“Top Chef” is doing something unprecedented for its 20th season. For the first time it’s bringing together 16 chefs representing 11 different versions of the show from around the globe for a World All-Stars competition. And for the first time the show is setting an entire season abroad, with the main competition taking place in London and the finale set for Paris. So what happened in the season 20 premiere episode, “London Calling,” when the cheftestants got their first taste of the competition? Read on to find out.
The 16 competitors playing for the $250,000 grand prize are Samuel Albert (France), Ali Ghzawi (Middle East and North Africa), Sara Bradley (Kentucky), Charbel Hayek (Middle East and North Africa), Victoire Gouloubi (Italy), Dale MacKay (Canada), Sylwia Stachyra (Poland), Luciana Berry (Brazil), May Phattanant Thongthong (Thailand), Begoña Rodrigo (Spain), Buddha Lo (Houston), Tom Goetter (Germany), Gabriel Rodriguez (Mexico), Dawn Burrell (Portland), Amar Santana (California), and Nicole Gomes (Canada).
“‘When I got called for this opportunity, I couldn’t refuse it,” said Buddha, the reigning “Top Chef” champ from season 19’s Houston edition of the show. “‘Top Chef’ season 20 is like the ‘Top Chef’ culinary Olympics.” And this premiere episode had the challenging task of introducing us to all 16 competitors and showcasing their personalities in a crowded and hectic first week of challenges.
“You represent some of the best of the best,” host Padma Lakshmi told them upon greeting them for the first time. And there was no time to waste, so she immediately introduced them to their first task.
Padma told them that they would have a mere three minutes to raid the “Top Chef” kitchen pantry for just five ingredients — to do what with? They’d find out later. So after a soothing double-decker bus tour through the city the chaos began. But there was one twist to the challenge that the chefs noticed right away: there was no protein in the pantry. Would this be a vegetarian challenge? Tom grabbed some red cabbage. Gabri went for the chiles. Buddha’s strategy was to choose ingredients that would be the most versatile.
But just as the chefs were getting used to the idea of a vegetable challenge, Padma introduced another twist. All of a sudden judges Tom Colicchio and Gail Simmons rolled out a table covered in seafood. And then one more twist: the chefs would have to pair off in teams of two according to what pantry ingredients they’d selected. They’d have to make dishes using at least one seafood item from the table and the ingredients they’d collected at the start of the challenge — nothing else.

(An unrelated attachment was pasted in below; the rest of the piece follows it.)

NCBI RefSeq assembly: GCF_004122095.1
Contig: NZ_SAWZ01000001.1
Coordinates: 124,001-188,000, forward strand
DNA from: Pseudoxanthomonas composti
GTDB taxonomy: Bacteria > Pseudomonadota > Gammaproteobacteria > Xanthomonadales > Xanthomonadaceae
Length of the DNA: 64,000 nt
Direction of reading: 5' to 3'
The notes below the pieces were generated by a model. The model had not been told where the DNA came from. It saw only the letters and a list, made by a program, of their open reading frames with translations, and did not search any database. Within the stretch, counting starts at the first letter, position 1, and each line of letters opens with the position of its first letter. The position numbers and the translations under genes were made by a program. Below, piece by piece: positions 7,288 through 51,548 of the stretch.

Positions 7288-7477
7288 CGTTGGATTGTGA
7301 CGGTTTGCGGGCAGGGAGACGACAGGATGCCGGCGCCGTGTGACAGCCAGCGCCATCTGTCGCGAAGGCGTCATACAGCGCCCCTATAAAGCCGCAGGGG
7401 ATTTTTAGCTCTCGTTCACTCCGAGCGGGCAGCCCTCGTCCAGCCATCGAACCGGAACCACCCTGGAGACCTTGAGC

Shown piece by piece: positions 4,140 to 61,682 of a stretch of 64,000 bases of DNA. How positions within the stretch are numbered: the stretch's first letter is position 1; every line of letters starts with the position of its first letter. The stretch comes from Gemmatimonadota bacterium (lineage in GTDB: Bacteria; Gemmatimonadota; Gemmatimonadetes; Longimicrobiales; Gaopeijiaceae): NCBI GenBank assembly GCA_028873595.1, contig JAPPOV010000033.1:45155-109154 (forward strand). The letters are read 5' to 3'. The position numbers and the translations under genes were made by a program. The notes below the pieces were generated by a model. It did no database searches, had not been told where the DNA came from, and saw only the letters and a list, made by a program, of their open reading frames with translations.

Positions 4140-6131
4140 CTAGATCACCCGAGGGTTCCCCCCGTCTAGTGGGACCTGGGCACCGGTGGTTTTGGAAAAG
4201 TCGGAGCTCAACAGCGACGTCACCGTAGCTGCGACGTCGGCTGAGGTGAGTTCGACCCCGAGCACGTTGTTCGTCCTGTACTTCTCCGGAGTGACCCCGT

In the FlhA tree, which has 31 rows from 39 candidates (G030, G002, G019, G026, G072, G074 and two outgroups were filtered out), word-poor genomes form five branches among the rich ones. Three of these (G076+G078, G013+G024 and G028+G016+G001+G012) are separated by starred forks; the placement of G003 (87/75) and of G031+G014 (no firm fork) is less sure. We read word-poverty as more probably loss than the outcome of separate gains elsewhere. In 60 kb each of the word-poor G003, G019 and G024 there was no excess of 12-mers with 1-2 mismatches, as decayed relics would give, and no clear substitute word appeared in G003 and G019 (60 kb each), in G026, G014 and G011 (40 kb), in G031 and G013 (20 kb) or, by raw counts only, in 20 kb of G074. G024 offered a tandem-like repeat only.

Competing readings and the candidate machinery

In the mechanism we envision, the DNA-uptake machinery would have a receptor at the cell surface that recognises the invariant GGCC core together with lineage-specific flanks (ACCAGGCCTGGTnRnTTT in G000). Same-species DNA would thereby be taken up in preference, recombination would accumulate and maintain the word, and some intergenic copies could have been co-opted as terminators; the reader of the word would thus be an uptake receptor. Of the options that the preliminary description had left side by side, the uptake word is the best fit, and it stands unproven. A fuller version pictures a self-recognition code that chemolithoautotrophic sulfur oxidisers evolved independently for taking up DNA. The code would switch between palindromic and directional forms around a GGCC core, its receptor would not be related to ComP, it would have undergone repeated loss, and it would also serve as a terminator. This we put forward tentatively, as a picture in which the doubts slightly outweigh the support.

After surveying each other’s goods, the chefs formed the following teams: Samuel and Tom, Sara and Dale, Dawn and Charbel, Buddha and Sylwia, Victoire and Nicole, Luciana and Gabri, Begoña and May, and Amar and Ali.
Samuel thought his team’s French-German combo would make for a compatible partnership, though on Samuel’s show they had an hour to make their dishes as opposed to the half-hour they were given for this Quickfire. Similarly, Gabri and Luciana shared similar flavor profiles from Mexico and Brazil, respectively. Sylwia thought Buddha was a little “snobby” during his season but “so far he’s really nice and like a professional guy.” And Nicole trusted “Top Chef: Italy” alum Victoire to make risotto but started to regret it when she sampled a bit of her essentially-raw finished product.
After all was said and done, Nicole and Victoire indeed had one of the worst dishes, deemed “too al dente” by Padma. Charbel and Dawn made mackerel that “left something to be desired,” and their under-seasoned zucchini was also a problem. And Samuel and Tom‘s gritty cabbage emulsion got in the way of their “beautifully” cooked salmon. Better luck next time.
Getting good news were Luciana and Gabri, whose “raw scallop was spectacular.” Sylwia and Buddha‘s pan-fried turbot had a great “old-school approach.” And Sara and Dale made a “fantastic” langoustine with a sauce that was “so rich in flavor.” It didn’t surprise me when Sarah and Dale were announced as the winners of the Quickfire; during the tasting of their dish Tom Colicchio seemed almost giddy. Their reward: immunity in the first Elimination Challenge. That would be a crucial advantage especially as the chefs get acclimated to the competition, but Dale didn’t just want immunity. He also wanted to win the Elimination Challenge to make a statement.
On to the main event, and this time it really would be a vegetable challenge. Padma told them, “We want you to create a vegetable-forward dish where the protein is used more like a seasoning or an accent.” This was an individual challenge for which they’d have 250 pounds to shop and two hours tomorrow to prep and cook at the Royal Botanic Gardens, Kew, a UNESCO World Heritage site. The guest judge for this challenge would be Michelin-starred chef Angela Hartnett.